Most of the books I write about on Stuck-in-a-Book are either new(ish) novels, or older ones which are a little more obscure. In those cases it's fine to assume that the blog reader starts off not knowing a huge amount about the book in question, and it's also fine for me to lay down my opinion - for better or worse. That's not quite the same with Jude the Obscure by Thomas Hardy. In fact, even writing 'by Thomas Hardy' makes me feel a little patronising, because of course you all know that it's by Thomas Hardy. You also probably know a lot about it, even if you haven't read it - and it can be taken for granted that the novel is well written, can't it? So where to go from here...
We can have a lesson in how Our Vicar is usually right. He's off in Cornwall at the moment, on holiday with Our Vicar's Wife and a couple who are friends of the family (and saved Colin's life once or twice, incidentally!) so he won't see this for a while, but... he's been recommending Thomas Hardy to me most of my life. The same story happened with Oxford by Jan Morris, which he gave me (or possibly lent me, I should find out...) when I went to university, and which I finally read last year. It's great, by the way. And, although I did read Tess of the D'Ubervilles back in 2003 or thereabouts, and started The Mayor of Casterbridge once upon a time, I had never really turned my attention Hardywards.
But it really is a rather brilliant novel. And, despite my misgivings, very readable as well. I always think of the Victorians as wordy and difficult, but I more or less raced through Jude the Obscure. I suppose, with a publication date of 1895, it is on the edge of the Victorian period - but still. My misconceptions were put right.
For those who have been happily oblivious to the work of Dorset's finest, Jude the Obscure is about a country lad with big ambitions. Those ambitions centre around getting to Christminster University - i.e. Oxford under a thin disguise. It's all getting a little Oxford-centric, following on from Trapido's novel the other day, but my favourite section of the novel was this first part. Especially poignant is the scene where Jude looks out over the misty fields to Christminster, with all his aspirations and hopes intact. I'm not usually affected by visual description, but Hardy really knows his onions. Cue long and rather beautiful extract:
In the course of ten or fifteen minutes the thinning mist dissolved altogether from the northern horizon, as it had already done elsewhere, and about a quarter of an hour before the time of sunset the westward clouds parted, the sun's position being partially uncovered, and the beams streaming out in visible lines between two bars of slaty cloud. The boy immediately looked back in the old direction.Isn't that some spectacular writing? But, as I hinted, his ambitions don't stay long intact. Hardy's reputation for being all a bit tragic isn't misplaced. This is, after all, a novel including characters who say: "All is trouble, adversity and suffering!" and "Cruelty is the law pervading all nature and society; and we can't get out of it if we would!" Warms the cockles, doesn't it? And of course things start to go wrong for Jude - not least owing to the women in his life, Arabella and Sue. The back-and-forth qualities of the relationships in the novel led to one inspired comment by a member of my book group, that it was all a bit like Abba.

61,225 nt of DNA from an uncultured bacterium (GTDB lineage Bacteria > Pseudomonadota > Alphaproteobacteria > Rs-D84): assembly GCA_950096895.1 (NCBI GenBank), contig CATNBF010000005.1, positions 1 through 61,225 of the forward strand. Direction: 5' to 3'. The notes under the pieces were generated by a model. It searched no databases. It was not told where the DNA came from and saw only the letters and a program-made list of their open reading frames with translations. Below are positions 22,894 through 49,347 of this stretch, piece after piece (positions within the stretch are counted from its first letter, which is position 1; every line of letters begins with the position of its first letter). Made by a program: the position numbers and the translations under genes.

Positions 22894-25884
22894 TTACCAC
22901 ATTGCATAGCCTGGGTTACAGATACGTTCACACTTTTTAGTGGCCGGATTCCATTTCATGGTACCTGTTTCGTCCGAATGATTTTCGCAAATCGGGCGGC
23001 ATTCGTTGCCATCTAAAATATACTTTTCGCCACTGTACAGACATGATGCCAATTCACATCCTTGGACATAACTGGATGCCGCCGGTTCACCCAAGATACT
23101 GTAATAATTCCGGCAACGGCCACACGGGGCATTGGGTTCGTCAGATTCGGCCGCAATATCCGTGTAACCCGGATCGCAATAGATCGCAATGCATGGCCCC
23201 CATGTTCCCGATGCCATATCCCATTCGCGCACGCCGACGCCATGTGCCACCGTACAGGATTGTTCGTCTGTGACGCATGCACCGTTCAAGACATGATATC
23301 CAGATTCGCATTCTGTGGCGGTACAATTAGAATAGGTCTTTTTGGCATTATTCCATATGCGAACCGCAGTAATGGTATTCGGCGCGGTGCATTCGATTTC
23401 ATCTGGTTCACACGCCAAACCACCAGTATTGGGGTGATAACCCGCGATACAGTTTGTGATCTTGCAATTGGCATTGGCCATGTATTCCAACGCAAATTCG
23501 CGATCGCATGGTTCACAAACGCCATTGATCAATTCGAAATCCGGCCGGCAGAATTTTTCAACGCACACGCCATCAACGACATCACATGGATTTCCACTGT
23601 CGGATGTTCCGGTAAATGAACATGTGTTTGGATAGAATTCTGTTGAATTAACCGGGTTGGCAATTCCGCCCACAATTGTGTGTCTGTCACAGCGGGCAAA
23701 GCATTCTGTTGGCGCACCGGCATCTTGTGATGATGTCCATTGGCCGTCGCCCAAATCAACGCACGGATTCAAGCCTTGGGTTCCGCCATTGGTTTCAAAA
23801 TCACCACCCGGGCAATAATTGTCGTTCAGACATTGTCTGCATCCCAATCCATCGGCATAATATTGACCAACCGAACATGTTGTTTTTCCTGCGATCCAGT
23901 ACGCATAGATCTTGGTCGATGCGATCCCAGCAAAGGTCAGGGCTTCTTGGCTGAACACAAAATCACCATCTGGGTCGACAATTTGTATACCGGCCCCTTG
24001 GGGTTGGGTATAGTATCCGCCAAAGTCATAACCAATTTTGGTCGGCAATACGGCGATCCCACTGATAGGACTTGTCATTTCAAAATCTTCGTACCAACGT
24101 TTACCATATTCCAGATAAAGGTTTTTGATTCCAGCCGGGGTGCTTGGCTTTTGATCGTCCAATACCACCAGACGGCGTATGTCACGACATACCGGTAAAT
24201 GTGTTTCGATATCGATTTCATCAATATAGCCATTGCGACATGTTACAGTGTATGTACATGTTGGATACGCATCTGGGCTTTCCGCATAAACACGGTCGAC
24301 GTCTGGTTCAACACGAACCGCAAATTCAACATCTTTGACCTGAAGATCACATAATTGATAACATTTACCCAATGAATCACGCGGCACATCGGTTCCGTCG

Some way within the limits of the stretch of landscape, points of light like the topaz gleamed. The air increased in transparency with the lapse of minutes, till the topaz points showed themselves to be the vanes, windows, wet roof slates, and other shining spots upon the spires, domes, freestone-work, and varied outlines that were faintly revealed. It was Christminster, unquestionably; either directly seen, or miraged in the peculiar atmosphere.
The spectator gazed on and on till the windows and vanes lost their shine, going out almost suddenly like extinguished candles. The vague city became veiled in mist. Turning to the west, he saw that the sun had disappeared. The foreground of the scene had grown funereally dark, and near objects put on the hues and shapes of chimaeras.
But I don't find Hardy gratuitously gloomy. Jude the Obscure is definitely driven by more than tragedy - I think Sue and Jude are incredibly complex characters, especially Sue. She is spontaneous, but often regrets it or changes her mind afterwards; selfish but caring; passionate but fickle; headstrong but self-doubting - so many believable contradictions go into the make-up of her character.
For those who have been hesitant about approaching Hardy, I really encourage you to give Jude the Obscure a read. Although it will never be a bedtime story or beloved companion, it's one of the most impressive, complex, and well-written novels I've read for a while.
Books to get Stuck into:
I can't think of anything like Jude the Obscure, so instead I'll recommend some of my favourite Victorian novels. I haven't actually reviewed any on here, because I read them six or seven years ago, but...
Agnes Grey - Anne Brontë: by the most neglected Brontë sister, and my personal favourite. This doesn't have the power of Wuthering Heights, but it's infinitely more likeable - and, in its neat structure, practically the perfect novel.
Cranford - Elizabeth Gaskell: We all loved the TV series, and Gaskell's novel is a delight. A bit disjointed, because the first few chapters were initially supposed to be the whole thing, but we can forgive her that when she gives us such wonderful characters and amusing incidents.
Our Mutual Friend - Charles Dickens: don't be scared of Dickens. This rambling novel has dozens of characters, but they're all brilliantly drawn, and I always find Dickens absolutely hilarious.